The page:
The term “Dutch disease” says about apparent relationship between the increase in exploitation of natural resources and a decline in the manufacturing sector. The countries living on natural resources exports have been warned that they would have to pay a heavy price in the future for their overexploitation activities today.

Digging the earth, undermining the future

The Ministry of Industry and Trade (MOIT) has recently granted tens of export licenses to the mining enterprises in 13 localities, saying that this was a temporary solution to help the enterprises clear their big stocks and take back the investment capital.

However, the explanation by MOIT cannot calm the people down. They believe that the ministry’s decision has neutralized the government’s instruction No. 02 released in January 2012 on strengthening the state management over the exploration, exportation, processing and export of minerals.

The instruction said that Vietnam stops exporting many types of minerals under any forms.

In fact, the decision to stop exporting raw minerals was made many years ago already, while the regulations on tightening the control over the mineral exports have been promulgated every year. However, the regulations have also been removed many times.

Mining enterprises were told that they could export inventory ilmenite from titanium mining until the end of June 2012. However, later, the green light on was turned for enterprises to continue the export

Some documents said that enterprises must not export iron ore, unless they needed to export iron ore to exchange for coke coal. However, in most cases, the ore exports were not for the exchange of coke coal, but just to help enterprises clear the inventories.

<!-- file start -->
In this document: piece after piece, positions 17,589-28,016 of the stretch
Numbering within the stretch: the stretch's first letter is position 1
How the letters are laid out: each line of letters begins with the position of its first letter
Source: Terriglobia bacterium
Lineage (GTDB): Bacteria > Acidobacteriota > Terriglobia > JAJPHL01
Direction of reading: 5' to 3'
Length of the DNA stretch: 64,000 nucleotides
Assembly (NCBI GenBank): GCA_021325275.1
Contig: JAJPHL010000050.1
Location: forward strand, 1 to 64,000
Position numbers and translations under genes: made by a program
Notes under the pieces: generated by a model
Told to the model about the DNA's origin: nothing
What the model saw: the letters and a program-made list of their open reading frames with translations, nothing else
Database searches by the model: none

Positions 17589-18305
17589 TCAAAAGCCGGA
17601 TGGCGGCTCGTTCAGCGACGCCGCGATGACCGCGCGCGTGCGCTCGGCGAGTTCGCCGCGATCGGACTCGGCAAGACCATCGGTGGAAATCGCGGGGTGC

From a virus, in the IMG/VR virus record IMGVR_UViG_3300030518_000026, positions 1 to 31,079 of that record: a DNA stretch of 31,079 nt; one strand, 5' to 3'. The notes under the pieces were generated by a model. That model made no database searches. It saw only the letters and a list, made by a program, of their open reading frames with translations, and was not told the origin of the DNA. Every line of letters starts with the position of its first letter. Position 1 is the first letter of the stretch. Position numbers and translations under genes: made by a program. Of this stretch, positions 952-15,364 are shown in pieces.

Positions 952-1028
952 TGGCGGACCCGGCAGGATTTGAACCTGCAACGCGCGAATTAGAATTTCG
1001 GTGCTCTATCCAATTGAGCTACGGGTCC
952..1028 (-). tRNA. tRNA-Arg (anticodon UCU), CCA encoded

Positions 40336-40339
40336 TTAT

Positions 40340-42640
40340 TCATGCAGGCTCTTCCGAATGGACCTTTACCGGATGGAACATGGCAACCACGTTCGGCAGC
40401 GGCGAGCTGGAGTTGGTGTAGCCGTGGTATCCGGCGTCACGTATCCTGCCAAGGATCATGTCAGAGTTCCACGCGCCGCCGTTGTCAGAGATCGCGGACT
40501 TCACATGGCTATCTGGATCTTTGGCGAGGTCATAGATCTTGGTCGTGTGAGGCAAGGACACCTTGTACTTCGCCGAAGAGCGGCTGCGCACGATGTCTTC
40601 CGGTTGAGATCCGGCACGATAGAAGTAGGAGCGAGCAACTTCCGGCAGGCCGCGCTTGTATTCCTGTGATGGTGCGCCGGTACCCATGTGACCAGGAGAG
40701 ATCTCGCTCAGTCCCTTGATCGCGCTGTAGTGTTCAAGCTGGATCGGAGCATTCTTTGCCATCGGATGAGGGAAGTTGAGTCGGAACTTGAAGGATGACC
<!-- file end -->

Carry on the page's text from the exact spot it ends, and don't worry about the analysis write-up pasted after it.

Nguyen Thanh Son, Director of the Song Hong Energy Corporation, affirmed that the Dutch disease has been raging in Vietnam. He has many times warned that the easiest source of income is the sale of minerals, but it is not a sustainable source of income.

The trap in the future

He compared the two different development models of the two localities, Quang Ninh province which has been relying on natural mineral exploitation, and Vinh Phuc province, with no minerals, to prove his argument.

Quang Ninh now ranks the fifth in the country in terms of the income for the state budget. However, it lags far behind Vinh Phuc if considering the income for the state budget on the total investment.

A report of the National Assembly’s Steering Committee showed that the number of mining enterprises has been increasing continuously from 427 in 2000 to nearly 2,000 in 2011. Meanwhile, more than 4,200 licenses for mineral exploitation have been licensed in 62 provinces and cities.

The figures show the rapid development of the mining industry, which has resulted in the natural resources loss and the devastation to the environment.

Though the number of enterprises keeps increasing, the contribution of the mining industry to the state budget has not increased accordingly. A report showed that in 2008, the mining industry ranked the fifth in terms of the investment capital, but ranked the 8th only in terms of the contribution to the GDP growth.

The problem is that Vietnam has been mostly exporting raw materials, not processed products. Meanwhile, it has to import processed products which are the input materials for many manufacturing industries.

Thời báo Kinh tế Sài Gòn - March 31, 2013